Abrahams says that deputy principal Jeremy Ontong will assume the role of acting principal in the time the advertised post takes to be filled.

When the new academic year begins, Phoenix High School will start a new chapter. For the first time in 21 years, they won’t have Shafiek Abrahams walking through their gates to lead the school.

Abrahams first started teaching at Phoenix High when the school opened in the 1980s.

“We opened the school. I was at a primary school before, Saambou Primary, teaching maths. The then principal Mr Johnson came to fetch me along with my learners, because at that time the Grade 8s were at the primary school and I was teaching the Grade 8s. He brought me here and I did not even know what was happening, because I was just teaching my class. Then in 1983, 21 January, I taught maths to the Grade 8s and 9s and the rest is history,” says Abrahams.

He then, at the age of 39, became the acting principal of the school in 1998, assuming the permanent position a year later.

Abrahams says that throughout his years at the school, the very visible challenge of dealing with gang activity in the area has made it necessary to call in extra assistance, especially from the police. However, despite the challenges, Abrahams exudes and maintains a positive outlook, so much so that within three years of Abrahams taking over the reigns, Phoenix High was awarded the Most Improved School in the Western Cape by then national education minister Kader Asmal.

“We sustained this (constant improvement) in 2009 when we had a 100% pass rate among our matriculants. I consider ourselves to being among the schools, even though we are a township school, who achieved academically,” he adds.

In his 40-year career in education, Abrahams says that passion has been a key ingredient in ensuring the school could move from strength to strength.

“The success is that we retain that positivity among ourselves. We sustain positivity, encourage each other to be positive, we create a climate of positivity around us. We have cultivated partnerships because you cannot do it alone in these areas. We are passionate, because this is our life. Whatever happens, I have a saying every morning to keep us motivated and sometimes when we are down in the dumps, then we get the help of the police and we form partnerships with so many organisations such as Sanca and the police,” says Abrahams.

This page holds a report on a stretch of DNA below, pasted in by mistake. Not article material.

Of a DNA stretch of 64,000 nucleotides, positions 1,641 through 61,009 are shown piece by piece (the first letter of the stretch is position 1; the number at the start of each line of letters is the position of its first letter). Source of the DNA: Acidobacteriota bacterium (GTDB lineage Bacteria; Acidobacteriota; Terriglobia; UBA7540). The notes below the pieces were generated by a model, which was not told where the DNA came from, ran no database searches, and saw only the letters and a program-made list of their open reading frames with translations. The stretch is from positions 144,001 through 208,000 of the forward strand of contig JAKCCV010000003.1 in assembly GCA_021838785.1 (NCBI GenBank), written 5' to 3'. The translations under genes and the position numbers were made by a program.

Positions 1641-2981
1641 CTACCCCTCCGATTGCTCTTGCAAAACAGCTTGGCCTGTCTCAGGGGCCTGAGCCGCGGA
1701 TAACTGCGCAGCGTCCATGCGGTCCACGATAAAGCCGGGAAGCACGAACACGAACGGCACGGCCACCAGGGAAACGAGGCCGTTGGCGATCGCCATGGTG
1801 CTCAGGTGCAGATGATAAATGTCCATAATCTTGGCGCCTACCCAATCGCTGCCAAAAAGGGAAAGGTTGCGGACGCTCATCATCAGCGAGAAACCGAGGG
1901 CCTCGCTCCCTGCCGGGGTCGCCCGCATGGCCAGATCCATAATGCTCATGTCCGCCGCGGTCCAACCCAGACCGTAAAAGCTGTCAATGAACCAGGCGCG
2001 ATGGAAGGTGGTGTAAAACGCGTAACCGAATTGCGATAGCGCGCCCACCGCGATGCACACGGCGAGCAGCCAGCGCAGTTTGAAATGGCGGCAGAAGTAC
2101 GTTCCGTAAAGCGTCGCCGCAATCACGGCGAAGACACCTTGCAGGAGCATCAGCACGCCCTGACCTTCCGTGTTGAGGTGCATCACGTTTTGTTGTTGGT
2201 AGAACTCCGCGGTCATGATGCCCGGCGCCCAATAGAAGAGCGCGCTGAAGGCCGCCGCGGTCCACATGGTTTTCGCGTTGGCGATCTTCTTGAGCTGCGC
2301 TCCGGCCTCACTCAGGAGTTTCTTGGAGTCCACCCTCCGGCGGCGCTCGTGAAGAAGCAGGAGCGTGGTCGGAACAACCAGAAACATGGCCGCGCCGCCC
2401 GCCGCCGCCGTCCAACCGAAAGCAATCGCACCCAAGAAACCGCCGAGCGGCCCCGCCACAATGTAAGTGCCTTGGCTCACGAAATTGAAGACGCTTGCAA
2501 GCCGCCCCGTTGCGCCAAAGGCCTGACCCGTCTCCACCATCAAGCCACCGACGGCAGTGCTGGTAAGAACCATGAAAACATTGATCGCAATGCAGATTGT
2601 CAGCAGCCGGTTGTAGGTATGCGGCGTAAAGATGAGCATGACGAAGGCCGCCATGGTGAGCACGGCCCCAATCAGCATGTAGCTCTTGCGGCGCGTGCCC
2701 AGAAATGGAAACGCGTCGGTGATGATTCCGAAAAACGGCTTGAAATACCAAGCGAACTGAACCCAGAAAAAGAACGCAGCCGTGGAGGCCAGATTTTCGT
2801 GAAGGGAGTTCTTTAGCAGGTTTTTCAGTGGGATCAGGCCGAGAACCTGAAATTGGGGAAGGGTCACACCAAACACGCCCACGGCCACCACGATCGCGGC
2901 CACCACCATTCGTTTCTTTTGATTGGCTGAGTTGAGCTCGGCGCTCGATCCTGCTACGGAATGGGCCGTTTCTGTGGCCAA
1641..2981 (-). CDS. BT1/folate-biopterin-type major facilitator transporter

Manenberg police spokesperson Captain Ian Bennett says Abrahams has stood the test of time during his tenure.

“He served a diverse community with different cultures, while also witnessing the gang territories which was also formed at school.

“He has been inspired to inspire young people and still believes in them. Because in the beliefs he has in young people, the school is a place of safety and he could teach and ensure that learners become inspired to strive for the best that they can be. I, along with the management of Manenberg Police Station, wish him well in his new endeavours and it is the start of a new beginning and we wish him only the best,” says Bennett.

Gertrude Olkers from Hanover Park has been the caretaker at the school for its entire existence, and says Abrahams had a great relationship with people.

“When there was a problem and you came to him, he will sort it out and be strict, but he will get on with the day’s work.

“There will be a lot of things of him which will remain. The discipline of the school and the getting on with things as well as the way he communicated with the children and the parents, because he is part of the community. They will miss him very much. He would always listen to you when you had a problem, while also making you feel at ease. We are going to miss him very much and we are very emotional about it,” says Olkers.

Meanwhile, Abrahams hopes the school will continue to carry the values and passion he has tried to imprint on the school in his 35 years there.

Abrahams promised his family he would retire at 60, and hopes to spend more time with them, while also clocking up some valuable air miles with his wife.

“I have four children and seven grandchildren. I promised them time. It is the one thing I couldn’t give my children, but they always understood,” he says.

Abrahams says that deputy principal Jeremy Ontong will assume the role of acting principal in the time the advertised post takes to be filled.